Mmm, mmm! And honestly, if you swap out the sausage for chicken sausage and use brown rice instead of white, you're looking at a darn healthy and decadent meal here kids. 
And not to ruffle anyone's feathers, but I'm really not a huge okra fan. Yeah it helps thicken the sauce but I also think the stuff's slimy and strange tasting. If I were making this gumbo again, I personally don't think I'd put it in there. Please! Save your stones! It's just me, you do what you'd like, 
I sure won't judge you for it. 
 So get in there and get cooking, and have fun with it y'all! 

Thursday, February 16, 2012

Mulled Cider Donuts

 Oh yes. I did. I have been wanting to do cider donuts ever since my trip to the apple orchard in September, but I kept holding out, knowing well that once they were made it would be impossible to stop my inhalation of them.  Well, freshly back and well fed from my trip to visit my parents in Florida, I thought, 'what have I got to lose now?' My integrity? My girlish figure? Bah. Who needs those things anyway? So come to me donuts; you hot, sugary, bits of fried dough. It's time to make our love affair official.  
Mulled Cider Donuts:  Makes 18 donuts & holes  
Adapted from Pumpkin Patches & 
 1 c. Fox Barrel Mulled Cider (Seasonal now, try substituting the Pacific Pear and add a little
        more cinnamon/clove/allspice, etc.)
 2    Eggs
 4  Tbsp. Butter, at room temperature 
1/2 c. Buttermilk
1 c.  Granulated Sugar
3 1/2 c. All Purpose Flour (plus some for dusting)
2 tsp. Baking Powder
1 tsp. Baking Soda
1/2 tsp. Cinnamon 
1/2 tsp. Table Salt 
1/8 tsp. Nutmeg
Enough oil (I used Canola) to reach a depth of 3" in your pan, for frying 

If you'd like to adorn your dough with extra sugar...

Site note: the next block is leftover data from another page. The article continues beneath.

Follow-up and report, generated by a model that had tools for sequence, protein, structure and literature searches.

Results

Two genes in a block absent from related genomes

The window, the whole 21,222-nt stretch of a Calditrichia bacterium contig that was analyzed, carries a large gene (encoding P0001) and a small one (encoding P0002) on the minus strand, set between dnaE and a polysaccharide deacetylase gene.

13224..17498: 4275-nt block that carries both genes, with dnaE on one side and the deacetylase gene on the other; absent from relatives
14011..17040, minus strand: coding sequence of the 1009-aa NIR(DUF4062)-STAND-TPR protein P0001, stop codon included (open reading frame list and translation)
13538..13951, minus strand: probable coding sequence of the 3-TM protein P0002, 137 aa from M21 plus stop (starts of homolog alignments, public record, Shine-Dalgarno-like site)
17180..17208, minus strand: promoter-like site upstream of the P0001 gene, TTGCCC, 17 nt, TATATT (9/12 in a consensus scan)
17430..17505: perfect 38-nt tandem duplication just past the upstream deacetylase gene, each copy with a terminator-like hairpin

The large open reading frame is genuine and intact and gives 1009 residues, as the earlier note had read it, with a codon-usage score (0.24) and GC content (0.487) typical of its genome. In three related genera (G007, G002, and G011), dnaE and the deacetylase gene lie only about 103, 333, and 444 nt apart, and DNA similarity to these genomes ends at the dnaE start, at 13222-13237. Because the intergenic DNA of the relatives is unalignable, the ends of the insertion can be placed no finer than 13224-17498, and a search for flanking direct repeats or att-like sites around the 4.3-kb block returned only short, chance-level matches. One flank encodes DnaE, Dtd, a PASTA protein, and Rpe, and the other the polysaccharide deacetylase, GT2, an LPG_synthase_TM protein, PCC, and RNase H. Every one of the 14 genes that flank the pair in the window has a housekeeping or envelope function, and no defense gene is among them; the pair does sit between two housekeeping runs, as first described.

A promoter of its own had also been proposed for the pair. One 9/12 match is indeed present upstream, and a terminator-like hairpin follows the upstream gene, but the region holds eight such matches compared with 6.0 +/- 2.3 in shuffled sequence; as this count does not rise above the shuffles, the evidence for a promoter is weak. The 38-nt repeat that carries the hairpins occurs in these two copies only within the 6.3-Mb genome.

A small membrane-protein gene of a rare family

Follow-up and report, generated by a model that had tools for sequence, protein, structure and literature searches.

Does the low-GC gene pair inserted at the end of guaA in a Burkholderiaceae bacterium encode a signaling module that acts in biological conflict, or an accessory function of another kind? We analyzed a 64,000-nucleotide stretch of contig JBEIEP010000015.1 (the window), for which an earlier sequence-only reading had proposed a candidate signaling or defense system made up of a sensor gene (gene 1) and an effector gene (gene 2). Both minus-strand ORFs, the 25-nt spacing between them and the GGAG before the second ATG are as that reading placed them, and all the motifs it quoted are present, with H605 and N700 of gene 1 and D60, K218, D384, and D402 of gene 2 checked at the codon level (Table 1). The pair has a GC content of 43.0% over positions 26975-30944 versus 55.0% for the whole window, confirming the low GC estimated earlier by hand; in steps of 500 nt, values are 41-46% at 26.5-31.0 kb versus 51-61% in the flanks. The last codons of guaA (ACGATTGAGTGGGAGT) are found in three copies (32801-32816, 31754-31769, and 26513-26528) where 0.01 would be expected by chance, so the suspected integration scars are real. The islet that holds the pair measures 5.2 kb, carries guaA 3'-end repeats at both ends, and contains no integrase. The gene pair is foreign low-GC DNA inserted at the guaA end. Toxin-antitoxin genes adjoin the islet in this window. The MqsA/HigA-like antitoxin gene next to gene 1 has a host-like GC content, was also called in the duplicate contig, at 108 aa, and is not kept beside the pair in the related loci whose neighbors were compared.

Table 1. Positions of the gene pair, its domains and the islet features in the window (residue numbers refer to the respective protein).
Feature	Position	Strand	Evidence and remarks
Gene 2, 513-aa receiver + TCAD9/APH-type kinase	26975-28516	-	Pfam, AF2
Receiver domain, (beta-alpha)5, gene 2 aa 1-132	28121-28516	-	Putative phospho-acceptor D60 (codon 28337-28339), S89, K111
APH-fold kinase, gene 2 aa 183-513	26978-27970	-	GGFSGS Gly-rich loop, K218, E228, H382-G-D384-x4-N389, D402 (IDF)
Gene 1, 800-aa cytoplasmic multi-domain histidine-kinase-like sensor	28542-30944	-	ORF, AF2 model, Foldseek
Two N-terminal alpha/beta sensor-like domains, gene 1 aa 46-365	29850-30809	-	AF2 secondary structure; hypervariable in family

Glaze: 1 c. powdered sugar, 2 Tbsp. + 1 tsp. mulled cider-stir to combine, pour
           over donuts 
Cinnamon & Sugar: 1 c. sugar, 2 tsp. cinnamon-whisk to combine, dunk donuts     
1) Get started by reducing your mulled cider in a small saucepan over low heat until it 
    reaches 1/4 c.-this will take about 20-30 minutes. Let cool. 
2) Beat together butter and sugar with a mixer on medium high until it becomes lighter in
    color and well combined. Add the eggs one at a time, mixing well after each addition.
    Then add in the buttermilk and mulled cider, beat 30 seconds more. 
3) In a separate bowl, whisk together the flour, baking soda and powder, salt, cinnamon, 
    and nutmeg. 
4) Slowly add the dry ingredients to the wet ingredients, only stirring until combined.
5) Turn the dough out onto a lightly floured piece of parchment or waxed paper. 
    Sprinkle the dough on each side with flour and roll the dough out to a thickness of 
    about 1/2 inch. If the dough starts to stick add more flour little by little.
6) Set the dough in the freezer for about 20 minutes, just until it is slightly hardened. 
    Remove from freezer and cut into donuts using a 3" donut cutter, or a 3"and 1" 
    round cutters.
    *Tip: Dipping your cutters into the flour will help stop them from sticking in
         the dough. 
7) Set the cut donuts and holes onto a parchment lined baking sheet and place in the
    fridge for another 20 minutes. 

8) Heat your oil over medium high heat until it reaches 350 degrees (use a thermometer!) 
9) Cook donuts 2 or 3 at a time. Turn at least once and cook about 1 minute per side. 
    They will become a nice caramel color when they are done. Watch them carefully
    because they will burn quickly! Remove donuts with a slotted spoon or metal tongs